Some employers are exploiting the vulnerability of young unsupported workers, sacking them in unfair circumstances, a new study by Queensland University of Technology (QUT) has found.
Almost one in five young workers who lost their jobs was sacked for being sick, injured or for responding to family problems, the study discovered.
Lead QUT researcher Dr Paula McDonald from the Faculty of Business said many sick employees had taken only a single day off work before they were sacked and in one-fifth of sick leave cases had even provided a medical certificate.
The study investigated more than 1200 dismissal complaints made by 15 to 24-year-olds to the Young Workers Advisory Service.
The age group, which makes up one-fifth of the Australian labour force, is particularly vulnerable because they fill the majority of part-time and casual positions in the hospitality and retail industries.
"Several cases described serious medical problems that clearly restricted the employee's ability to attend work, such as a heart attack, wisdom teeth removal and cancer," Dr McDonald said.
Dr McDonald said that of the young workers who were sacked after being injured, 80 per cent had been injured at work.
"In one case, a male apprentice required eight weeks off work due to an injury he suffered on the job. The employer initially agreed to the time off then terminated the apprenticeship once the young man returned to work," she said.
Dr McDonald said the research also found:
- 19 per cent were forced to leave their jobs due to bullying and harassment, with a quarter of these cases involving sexual harassment, mostly against young women,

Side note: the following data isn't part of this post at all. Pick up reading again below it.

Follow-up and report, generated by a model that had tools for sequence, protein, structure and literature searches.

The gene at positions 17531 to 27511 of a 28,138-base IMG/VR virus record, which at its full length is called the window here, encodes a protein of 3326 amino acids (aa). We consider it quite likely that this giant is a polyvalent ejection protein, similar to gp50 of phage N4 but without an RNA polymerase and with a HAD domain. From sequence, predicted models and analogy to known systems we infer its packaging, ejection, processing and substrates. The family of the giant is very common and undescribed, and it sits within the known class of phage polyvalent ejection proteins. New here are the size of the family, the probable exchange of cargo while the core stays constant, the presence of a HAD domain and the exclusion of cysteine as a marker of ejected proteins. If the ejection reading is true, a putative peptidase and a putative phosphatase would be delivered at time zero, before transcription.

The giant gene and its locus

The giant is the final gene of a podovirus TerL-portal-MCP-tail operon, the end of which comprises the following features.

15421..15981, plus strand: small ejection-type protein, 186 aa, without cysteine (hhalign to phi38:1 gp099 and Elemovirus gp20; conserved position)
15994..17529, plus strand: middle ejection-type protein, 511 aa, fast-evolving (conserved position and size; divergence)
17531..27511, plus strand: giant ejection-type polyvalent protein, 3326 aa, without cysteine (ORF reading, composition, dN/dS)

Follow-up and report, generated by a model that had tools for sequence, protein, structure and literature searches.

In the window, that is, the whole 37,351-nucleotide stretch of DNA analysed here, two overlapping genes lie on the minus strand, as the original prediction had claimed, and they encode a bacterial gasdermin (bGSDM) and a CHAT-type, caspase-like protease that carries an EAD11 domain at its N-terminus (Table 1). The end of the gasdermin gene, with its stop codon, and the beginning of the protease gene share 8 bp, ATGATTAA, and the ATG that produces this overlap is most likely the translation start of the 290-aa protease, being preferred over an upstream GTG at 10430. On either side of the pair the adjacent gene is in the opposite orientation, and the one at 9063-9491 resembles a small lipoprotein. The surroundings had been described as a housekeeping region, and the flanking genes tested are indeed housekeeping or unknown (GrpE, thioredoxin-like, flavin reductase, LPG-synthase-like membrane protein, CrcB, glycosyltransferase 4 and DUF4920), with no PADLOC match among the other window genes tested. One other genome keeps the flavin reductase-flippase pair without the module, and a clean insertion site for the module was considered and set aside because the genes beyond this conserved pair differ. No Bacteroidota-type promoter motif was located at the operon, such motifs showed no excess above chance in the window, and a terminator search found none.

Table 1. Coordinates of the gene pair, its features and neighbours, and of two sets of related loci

- 18 per cent of dismissals involved accusations of theft, fraud or misconduct, more commonly made against males,
- 14 per cent of dismissals occurred over pay or contract-related issues and complaints,
- 12 per cent of cases alleged poor performance was the reason for dismissal,
- 10 per cent of cases involved discrimination, usually against women and often involving pregnancy,
- 8 per cent of cases involved operational reasons for dismissal, such as redundancy or squeezing staff out of work by reducing their hours.
"These young people don't match the Generation Y stereotype of savvy career-builders," Dr McDonald said.
"They are perceived as being disloyal job-hoppers, but that is an unfair accusation because young workers often have to cope with insecure work environments, low wages and anti-social working hours.
"Some employers exploit the vulnerability of young employees and capitalise on their inexperience, limited representation and relative difficulty in seeking legal advice. Some also treat young workers as disposable, especially in this sample who are generally low skilled and who work in precarious, casual positions.
"These workers are often treated more unfairly because they are more easily replaced, compared to highly skilled workers who are more difficult to replace."
Dr McDonald said young people needed parents, educators and community agencies to teach them their rights and reassure them they should expect a safe and fair workplace.